My view of myself as an average person with average luck changed when I read a recent TES front page about Exeter University research into performance pay (July 13). I now know I am statistically very special. One in 270. I am one of those cases, rare as hen's teeth, in which the threshold scrutineer disagreed with the head's judgment on whether I should have crossed or not.
I have written before about my reaction to failing the threshold. In Friday magazine on January 12 this year, I gave my initial reaction, the predictable shock and bitterness. I then wrote about how the threshold debacle proved to be the final straw in motivating me to leave teaching (Friday, April 6).
But the conclusion of Exeter University's survey - in which, of course, I participated - has made me see things differently. I feel like the victim of some cosmic joke played on me by the pound;12-million juggernaut of the organisation that is administering performance pay. I feel helpless because I am a member of such a small minority that no one is going to take any notice of me.
I sent off my second appeal in March - the first one somehow got lost. I was delighted to hear that Cambridge Education Associates had eventually received this one, so I rang up and asked when I would be likely to receive the final verdict.
I said I had read that this could take up to 70 working days from receipt of the appeal - and that this would take me right up to the last day of the school term - my last day as a teacher. The woman I spoke to said this was not quite the case - the timescale was elastic. The 70 days started only from the time the panel looked at the appeal and there was no time limit. She commiserated and agreed that this could be a long time.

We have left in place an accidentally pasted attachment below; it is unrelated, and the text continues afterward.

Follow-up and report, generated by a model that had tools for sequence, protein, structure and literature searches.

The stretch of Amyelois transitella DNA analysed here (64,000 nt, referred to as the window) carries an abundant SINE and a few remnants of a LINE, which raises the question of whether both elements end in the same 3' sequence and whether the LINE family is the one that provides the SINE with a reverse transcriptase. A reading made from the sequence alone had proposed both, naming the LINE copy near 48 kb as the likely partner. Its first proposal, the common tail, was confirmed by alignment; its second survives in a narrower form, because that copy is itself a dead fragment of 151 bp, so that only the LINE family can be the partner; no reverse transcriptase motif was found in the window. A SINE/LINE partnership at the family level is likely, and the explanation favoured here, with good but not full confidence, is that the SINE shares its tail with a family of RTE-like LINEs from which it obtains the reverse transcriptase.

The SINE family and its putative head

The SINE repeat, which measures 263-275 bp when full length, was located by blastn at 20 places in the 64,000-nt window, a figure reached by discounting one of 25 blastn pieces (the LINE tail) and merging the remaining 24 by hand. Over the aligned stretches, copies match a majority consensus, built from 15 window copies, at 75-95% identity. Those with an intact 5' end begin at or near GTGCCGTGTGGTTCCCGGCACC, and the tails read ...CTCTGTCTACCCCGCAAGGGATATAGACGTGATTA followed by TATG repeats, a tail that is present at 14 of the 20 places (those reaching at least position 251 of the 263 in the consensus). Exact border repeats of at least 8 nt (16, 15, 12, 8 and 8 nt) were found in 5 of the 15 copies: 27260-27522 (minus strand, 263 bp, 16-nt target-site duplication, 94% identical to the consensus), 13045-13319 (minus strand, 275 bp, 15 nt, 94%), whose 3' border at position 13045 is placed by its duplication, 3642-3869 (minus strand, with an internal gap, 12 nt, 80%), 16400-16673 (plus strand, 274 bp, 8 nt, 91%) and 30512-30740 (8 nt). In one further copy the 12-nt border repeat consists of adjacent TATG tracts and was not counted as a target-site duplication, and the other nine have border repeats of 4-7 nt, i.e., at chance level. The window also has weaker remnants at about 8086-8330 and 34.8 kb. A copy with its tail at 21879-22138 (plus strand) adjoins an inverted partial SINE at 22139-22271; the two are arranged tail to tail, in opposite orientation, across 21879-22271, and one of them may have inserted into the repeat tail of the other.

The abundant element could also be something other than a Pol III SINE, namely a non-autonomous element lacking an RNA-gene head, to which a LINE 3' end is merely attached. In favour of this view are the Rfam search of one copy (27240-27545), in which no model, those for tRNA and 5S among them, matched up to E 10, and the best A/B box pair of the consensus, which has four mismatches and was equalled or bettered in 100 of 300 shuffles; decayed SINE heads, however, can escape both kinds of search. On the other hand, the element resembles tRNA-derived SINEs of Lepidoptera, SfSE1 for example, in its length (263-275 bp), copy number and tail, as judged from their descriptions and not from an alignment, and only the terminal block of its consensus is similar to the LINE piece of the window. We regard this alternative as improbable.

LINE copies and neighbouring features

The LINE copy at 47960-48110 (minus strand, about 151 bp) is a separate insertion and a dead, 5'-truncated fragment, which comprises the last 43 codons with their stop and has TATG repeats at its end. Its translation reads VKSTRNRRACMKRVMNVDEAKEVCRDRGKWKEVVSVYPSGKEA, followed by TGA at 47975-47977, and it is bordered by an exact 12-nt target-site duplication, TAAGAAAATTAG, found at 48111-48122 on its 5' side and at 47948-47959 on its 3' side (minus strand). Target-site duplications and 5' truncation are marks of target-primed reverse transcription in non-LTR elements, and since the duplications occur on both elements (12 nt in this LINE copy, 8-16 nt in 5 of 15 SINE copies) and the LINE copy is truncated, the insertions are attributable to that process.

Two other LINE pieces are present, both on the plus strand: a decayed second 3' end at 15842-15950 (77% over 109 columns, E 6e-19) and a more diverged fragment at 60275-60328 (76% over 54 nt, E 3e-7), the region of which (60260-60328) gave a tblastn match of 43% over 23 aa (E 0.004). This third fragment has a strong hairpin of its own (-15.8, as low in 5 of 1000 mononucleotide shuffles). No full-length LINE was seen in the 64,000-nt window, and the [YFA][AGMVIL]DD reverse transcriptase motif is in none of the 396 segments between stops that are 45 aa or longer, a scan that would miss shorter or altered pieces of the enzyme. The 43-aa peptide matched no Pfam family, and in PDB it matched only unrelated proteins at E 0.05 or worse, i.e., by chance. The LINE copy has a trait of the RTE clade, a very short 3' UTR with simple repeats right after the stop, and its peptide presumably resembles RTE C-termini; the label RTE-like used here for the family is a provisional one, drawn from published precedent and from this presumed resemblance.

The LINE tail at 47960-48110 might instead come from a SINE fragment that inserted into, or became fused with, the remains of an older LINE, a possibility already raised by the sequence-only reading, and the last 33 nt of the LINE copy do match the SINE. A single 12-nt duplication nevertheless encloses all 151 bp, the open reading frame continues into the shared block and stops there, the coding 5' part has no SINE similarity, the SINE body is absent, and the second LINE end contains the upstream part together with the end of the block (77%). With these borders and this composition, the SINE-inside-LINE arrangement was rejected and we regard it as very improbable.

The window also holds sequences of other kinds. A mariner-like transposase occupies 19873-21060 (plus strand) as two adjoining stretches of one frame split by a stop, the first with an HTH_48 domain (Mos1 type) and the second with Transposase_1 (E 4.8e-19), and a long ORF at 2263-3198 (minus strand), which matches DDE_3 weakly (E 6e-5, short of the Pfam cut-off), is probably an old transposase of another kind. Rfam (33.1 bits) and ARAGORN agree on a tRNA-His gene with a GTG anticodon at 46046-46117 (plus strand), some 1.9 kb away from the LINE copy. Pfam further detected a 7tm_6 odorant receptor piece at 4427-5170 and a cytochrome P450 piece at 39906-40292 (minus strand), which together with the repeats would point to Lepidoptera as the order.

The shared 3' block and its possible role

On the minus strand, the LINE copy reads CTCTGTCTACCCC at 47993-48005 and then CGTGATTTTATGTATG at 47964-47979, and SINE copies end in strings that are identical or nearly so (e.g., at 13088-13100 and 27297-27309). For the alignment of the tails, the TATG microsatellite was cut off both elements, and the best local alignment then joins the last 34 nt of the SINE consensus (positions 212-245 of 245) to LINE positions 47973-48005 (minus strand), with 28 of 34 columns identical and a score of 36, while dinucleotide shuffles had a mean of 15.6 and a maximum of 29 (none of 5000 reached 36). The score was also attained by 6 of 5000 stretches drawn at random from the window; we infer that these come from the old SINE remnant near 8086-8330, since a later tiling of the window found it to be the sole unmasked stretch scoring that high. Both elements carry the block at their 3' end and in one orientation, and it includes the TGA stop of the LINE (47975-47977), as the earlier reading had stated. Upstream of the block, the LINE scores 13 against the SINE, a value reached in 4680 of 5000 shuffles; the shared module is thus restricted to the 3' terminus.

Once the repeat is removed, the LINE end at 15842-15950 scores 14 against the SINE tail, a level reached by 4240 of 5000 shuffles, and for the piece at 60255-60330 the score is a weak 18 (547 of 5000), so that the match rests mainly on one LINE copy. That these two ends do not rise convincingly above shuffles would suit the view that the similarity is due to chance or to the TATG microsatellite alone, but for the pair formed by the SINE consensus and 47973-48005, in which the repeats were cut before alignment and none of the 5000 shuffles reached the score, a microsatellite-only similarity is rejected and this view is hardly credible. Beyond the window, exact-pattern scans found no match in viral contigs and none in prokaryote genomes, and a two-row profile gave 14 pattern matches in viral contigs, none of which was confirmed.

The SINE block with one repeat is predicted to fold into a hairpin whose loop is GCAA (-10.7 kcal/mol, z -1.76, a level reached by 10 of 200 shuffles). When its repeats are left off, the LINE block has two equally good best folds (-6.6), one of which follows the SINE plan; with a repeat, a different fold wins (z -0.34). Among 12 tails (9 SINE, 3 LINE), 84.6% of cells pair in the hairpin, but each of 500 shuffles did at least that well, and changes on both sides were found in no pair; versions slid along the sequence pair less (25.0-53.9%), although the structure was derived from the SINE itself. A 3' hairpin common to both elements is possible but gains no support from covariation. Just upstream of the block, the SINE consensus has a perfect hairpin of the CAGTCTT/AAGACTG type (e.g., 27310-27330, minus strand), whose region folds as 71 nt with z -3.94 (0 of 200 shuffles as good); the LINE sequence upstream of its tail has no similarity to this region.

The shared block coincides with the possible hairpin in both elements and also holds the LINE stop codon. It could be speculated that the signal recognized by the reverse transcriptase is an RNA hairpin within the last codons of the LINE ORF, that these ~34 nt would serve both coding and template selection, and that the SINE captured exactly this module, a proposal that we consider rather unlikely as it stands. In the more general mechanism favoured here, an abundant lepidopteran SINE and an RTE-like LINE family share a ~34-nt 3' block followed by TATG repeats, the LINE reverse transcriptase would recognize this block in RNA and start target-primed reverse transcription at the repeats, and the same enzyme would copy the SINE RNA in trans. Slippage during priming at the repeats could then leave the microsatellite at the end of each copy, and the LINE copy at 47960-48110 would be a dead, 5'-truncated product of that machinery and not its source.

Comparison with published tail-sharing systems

But there was a bright spot - she discovered that my appeal was in the first batch and the panel would look at it in a couple of weeks. I said it was a shame that I couldn't have had the result before the resignation deadline in June - I would have stayed in teaching had my appeal been successful. The woman was sympathetic and said she realised how much stress and strain the whole business put on applicants. But the regulations were all in the contract laid down by the DfES.
About a month ago,CEA sent me a request to send off more evidence in a prepaid envelope. I rang a few days later to see if it had arrived. It hadn't. I rang every day for about a week until they told me they had received it. The delay was down to the Post Office. I rang again. I asked when I might hear the verdict. I was told that "they" - the scrutineers - are all going off on holiday in August, and "they" like to get their desks cleared by then, so I might well be hearing by the end of term, or thereabouts. If I am successful, I asked, how would I manage to get my one year's back pay? I was told I would have to contact my employers and sort all that out myself - difficult, I imagine, during the holiday period.
So now I am waiting to receive the result of my appeal. I believe I have a cast-iron case. Does that, coupled with the 270-1 chance of a head's verdict being overturned, give me an overwhelming chance of success this time - or am I being set up for an extra crushing disappointment?
Given the mounting tide of criticism against a system in which "almost everyone gets through", will the CEAwant to hang on to us few failures to preserve some sort of vindication for the system? After all, some people - even though they are barely statistically significant - must surely have to fail.
So this is how my teaching career is ending up. Nervously awaiting a verdict from people I don't know - I have had as much opportunity to meet and talk to my scrutineers as bomb victims have of talking to the bomber. I must prepare myself to expect anything - and what-ever the verdict, I am in such a statistical minority that no one will even care.
The writer wishes to remain anonymous